The English /p/ is not aspirated when #s_ although it has [spread glottis] due to the sharing of the [spread glottis] that occurs between the stops and fricative (Iverson & Simm). The glottal movement in /p/ in #s_ begins during /s/ and starts closing simultaneously as the closure for /p/ and this implies that /p/ is thus released when the glottis has become narrow to the point where the next vowel’s voicing begins immediately. Consequently, this results in an unaspirated /p/ that follows /s/. The most critical factors that cause /p/ not to be aspirated is in the concurrent glottal movement and the voicelessness of /s/. 

Why do sonorant consonants devoice when #[-continuant, -nasal, -voice] __, as in the word play, but not when #s [-continuant, -nasal, -voice]__, as in the word splay?

The reason for the consonant devoicing that occurs when # [-continuation, -nasal, -voice] but not when #s [-continuation, -nasal, -voice] can be explained phonologically through Obligatory Contour Principle that forcefully reduces the adjacent identical specifications into a shared specification. According to Iverson & Salmons (1995, 373), the morpheme-internal sequences that consist of /s/ that is followed by /p/ contain at least one [spread glottis] instance per the OCP. As such, the voicelessness in #s [-continuation, -nasal, -voice] occurs in the word splay because the stops are not aspirated after /s/ in initial clusters Iverson & Salmons (1995, 373).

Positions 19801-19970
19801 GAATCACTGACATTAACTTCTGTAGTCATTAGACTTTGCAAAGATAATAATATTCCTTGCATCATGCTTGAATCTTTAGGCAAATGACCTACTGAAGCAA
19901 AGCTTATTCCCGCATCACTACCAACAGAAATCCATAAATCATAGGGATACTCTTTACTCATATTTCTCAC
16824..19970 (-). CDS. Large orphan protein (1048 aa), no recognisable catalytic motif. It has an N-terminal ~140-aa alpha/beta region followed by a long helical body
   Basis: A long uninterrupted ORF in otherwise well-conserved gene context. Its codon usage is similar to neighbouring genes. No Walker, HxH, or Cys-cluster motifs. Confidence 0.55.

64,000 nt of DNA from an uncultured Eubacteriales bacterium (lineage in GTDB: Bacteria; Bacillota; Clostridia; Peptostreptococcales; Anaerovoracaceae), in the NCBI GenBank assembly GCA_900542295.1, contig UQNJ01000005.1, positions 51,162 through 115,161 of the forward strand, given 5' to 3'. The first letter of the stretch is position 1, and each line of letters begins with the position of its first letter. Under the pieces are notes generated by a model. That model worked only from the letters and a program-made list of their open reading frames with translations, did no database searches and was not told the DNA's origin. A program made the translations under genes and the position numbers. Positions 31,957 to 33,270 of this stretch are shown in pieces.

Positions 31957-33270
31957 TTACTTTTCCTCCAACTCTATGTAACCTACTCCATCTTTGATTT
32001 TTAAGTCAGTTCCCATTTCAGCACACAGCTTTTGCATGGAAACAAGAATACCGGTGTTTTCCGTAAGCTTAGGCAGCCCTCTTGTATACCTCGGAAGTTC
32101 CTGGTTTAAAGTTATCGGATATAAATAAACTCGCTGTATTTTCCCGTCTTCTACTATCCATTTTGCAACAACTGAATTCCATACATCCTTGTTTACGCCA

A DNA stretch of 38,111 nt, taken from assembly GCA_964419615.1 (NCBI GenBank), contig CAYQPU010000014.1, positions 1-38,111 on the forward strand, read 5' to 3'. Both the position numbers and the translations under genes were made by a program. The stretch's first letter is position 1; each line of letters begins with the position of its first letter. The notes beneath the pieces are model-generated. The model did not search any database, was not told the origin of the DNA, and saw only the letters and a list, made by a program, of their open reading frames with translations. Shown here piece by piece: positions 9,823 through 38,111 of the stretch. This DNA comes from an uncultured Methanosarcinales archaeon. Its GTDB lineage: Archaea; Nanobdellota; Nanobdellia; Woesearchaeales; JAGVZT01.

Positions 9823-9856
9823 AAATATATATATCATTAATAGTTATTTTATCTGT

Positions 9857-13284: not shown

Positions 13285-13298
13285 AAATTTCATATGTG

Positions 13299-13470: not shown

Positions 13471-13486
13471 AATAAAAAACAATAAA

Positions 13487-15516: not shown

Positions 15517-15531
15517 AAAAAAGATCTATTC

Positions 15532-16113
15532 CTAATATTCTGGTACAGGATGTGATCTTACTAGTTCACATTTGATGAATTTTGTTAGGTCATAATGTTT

I&S argue that English stress is related to foot structure. According to them, where are stops aspirated?

According to Iverson & Salmons (1995), the stops in the English stress are aspirated at the beginning of stressed syllables or words. Iverson and Salmons observe that the aspiration of the voiceless stops in the English language occurs at the foot-initial position, but this does not happen in other locations. 

Early in the course, we transcribed the word stuck as [stak]. Then we recorded the word in Praat, lopped off the [s], played the rest of the word and, surprisingly, heard what seemed to be [dAk] instead of expected [tAk]. In light of the I&S article, explain. 

The main reason for this phenomenon is explained in Iverson and Salmons’ article as resulting from the sharing of a single specification between the fricative and stop. The widening glottal movement for /p/ begins during /s/ in the /sp/ and the closure of the glottis occurs just after the release of /p/. The narrowing causes the voicing of the next vowel starts immediately, and this results in the unaspirated /p/ that follows the /s/ note. The most critical factor considered in the unaspiration is the simultaneous compatibility of the two voicings because the glottal opening for /p/ occurs concurrently with the articulation of /s/. The height of the glottal opening is associated with the /s/ portion in the /sp/ cluster. 

Response to the Authors’ Claims

The authors’ claims on the similarities in the Germanic languages on the nonnasal stops and aspirated words is convincing due to the number of shared words and the stressing that is placed on the same. The authors’ claims that the Romance languages contain strongly voiced stops is also convincing due to presented phonetic nature of such expressions.